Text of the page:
Kenwood students protest staff plan

March 25, 1995|By Mary Maushard | Mary Maushard,Sun Staff Writer

Chanting "Save our teachers," several hundred students streamed out of Kenwood High School yesterday morning to show support for their faculty and opposition to a plan that would require all teachers who want to stay at Kenwood next year to reapply for their jobs.

After first period, students milled about in the school, then took their demonstration onto the lawn.

Baltimore County police were posted at driveways and along Stemmers Run Road beside the school. No confrontations occurred.

School administrators stayed in the background, letting the students sing, chant, yell at motorists and talk to reporters. Principal Frederick W. Cogswell intervened only once when he asked a parent whom he thought was inciting the students to leave the grounds. The man complied.

"They are blaming the teachers for society's problems," said senior class Vice President Bobbie Haas, whose blue sweat shirt bore the message: "Our teachers, our future."

DTC School officials have said that the "zero-based" staffing plan, which requires teachers to request a transfer or reapply and be selected for jobs they already hold, is part of a strategy to improve instruction at the eastern Baltimore County school.

Kenwood, which serves economically stressed Essex and Middle River, has had poor attendance and low test scores.

School officials said they intend to stand by their plan, despite the Kenwood uproar and a union resolution denouncing the process.

"The problem is, the principal is concentrating on a few bad points," said Greg Brooks, one of several parents who watched the walkout.

"Zero-based staffing will not work. What we are going to have left is the teachers that we really want to leave."

Senior Jennifer Leaf said there are teachers she doesn't like, but "I don't think any teacher deserves this."

She added, "If it takes all day to get our point across, we're willing to stay."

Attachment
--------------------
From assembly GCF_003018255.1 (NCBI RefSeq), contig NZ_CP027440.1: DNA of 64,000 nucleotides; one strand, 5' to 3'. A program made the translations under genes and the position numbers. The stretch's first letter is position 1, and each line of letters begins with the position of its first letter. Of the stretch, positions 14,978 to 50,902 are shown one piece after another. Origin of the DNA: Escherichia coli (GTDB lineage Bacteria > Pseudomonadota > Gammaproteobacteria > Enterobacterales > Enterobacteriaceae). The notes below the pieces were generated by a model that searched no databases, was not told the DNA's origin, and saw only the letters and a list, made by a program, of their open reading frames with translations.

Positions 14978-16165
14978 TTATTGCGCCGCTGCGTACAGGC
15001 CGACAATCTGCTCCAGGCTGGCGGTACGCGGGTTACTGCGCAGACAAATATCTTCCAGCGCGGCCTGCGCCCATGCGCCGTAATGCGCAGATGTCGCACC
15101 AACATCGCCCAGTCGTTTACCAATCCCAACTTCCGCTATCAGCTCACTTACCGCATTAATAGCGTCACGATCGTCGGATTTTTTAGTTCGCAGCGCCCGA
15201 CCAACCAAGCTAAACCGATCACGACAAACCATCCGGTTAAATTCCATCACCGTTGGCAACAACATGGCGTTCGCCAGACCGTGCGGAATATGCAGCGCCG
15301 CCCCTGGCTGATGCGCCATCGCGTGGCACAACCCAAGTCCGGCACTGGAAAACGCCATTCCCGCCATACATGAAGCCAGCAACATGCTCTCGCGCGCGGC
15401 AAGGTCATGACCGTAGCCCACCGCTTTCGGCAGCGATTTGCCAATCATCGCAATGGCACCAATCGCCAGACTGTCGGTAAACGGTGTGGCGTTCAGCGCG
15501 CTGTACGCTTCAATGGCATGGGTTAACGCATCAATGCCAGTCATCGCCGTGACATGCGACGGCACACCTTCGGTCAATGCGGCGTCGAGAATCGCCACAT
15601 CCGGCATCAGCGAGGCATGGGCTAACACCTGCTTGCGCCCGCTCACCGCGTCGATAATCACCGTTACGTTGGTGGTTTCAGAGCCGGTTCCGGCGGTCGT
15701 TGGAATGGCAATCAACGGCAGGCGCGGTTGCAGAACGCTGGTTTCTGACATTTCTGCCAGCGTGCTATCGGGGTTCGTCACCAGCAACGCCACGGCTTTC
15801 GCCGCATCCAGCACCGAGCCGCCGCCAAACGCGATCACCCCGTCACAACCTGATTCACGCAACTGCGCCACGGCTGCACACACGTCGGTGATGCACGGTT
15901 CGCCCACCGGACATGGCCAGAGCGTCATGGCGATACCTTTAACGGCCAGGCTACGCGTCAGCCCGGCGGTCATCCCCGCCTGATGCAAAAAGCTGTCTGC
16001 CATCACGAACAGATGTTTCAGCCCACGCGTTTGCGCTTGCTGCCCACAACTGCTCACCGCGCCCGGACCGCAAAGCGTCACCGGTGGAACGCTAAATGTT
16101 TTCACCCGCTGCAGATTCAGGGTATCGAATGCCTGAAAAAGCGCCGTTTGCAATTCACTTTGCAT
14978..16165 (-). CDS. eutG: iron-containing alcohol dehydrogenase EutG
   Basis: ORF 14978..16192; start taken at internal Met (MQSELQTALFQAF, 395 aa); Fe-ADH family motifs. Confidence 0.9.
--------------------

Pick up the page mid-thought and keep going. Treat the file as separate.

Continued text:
An hour into the demonstration, Dr. Stephen Jones, the northeast area superintendent, arrived and talked to senior class representatives, who then quieted the crowd.

"There will be no suspensions, no nothing, we've been assured," senior class treasurer Shane Sowa told the group.

"Everybody, listen, if I can get a meeting in the gym, can I have your promise that it will be an organized meeting, not a rampage?"

The group agreed, and as quickly as they had come out, the

students disappeared back into the school. Reporters were stopped by police at every driveway and were not allowed on school grounds.

In addition to expressing concern about their teachers, students criticized the media and their own administrators for concentrating on Kenwood's problems rather than its strengths.

Many students also said they disliked Mr. Cogswell, whom they described as a distant administrator who spends too much time in his office and not enough in the halls or at school activities.

"We wouldn't have these problems if we had more contact with Cogswell," Ms. Sowa said.

While the demonstrators were cavorting about the school grounds, the other two-thirds of Kenwood's students were in class, said Dr. Jones. By early afternoon, the school was quiet and back on schedule, he said.

He will meet with the faculty and student representatives in separate meetings Tuesday, and has asked Mr. Cogswell to set up a parent meeting. "We will give them an opportunity to air their concerns," he said.

Dr. Jones and Superintendent Stuart Berger continued to support zero-based staffing and other changes for Kenwood.

"I support Mr. Cogswell all the way. No one is remotely suggesting that it's the teachers' fault," Dr. Berger said of Kenwood's poor performance. "All I know is that we need to find a way to do better."

But Ray Suarez, president of the Teachers Association of Baltimore County, has called zero-based staffing intimidation. TABCO's board of directors passed a resolution yesterday opposing the strategy as "professionally insulting to teachers."

"It is TABCO's belief that Baltimore County principals are using zero-based staffing as a means to coerce teachers to agree with their education philosophy rather than allowing faculties to work with principals," the statement said.

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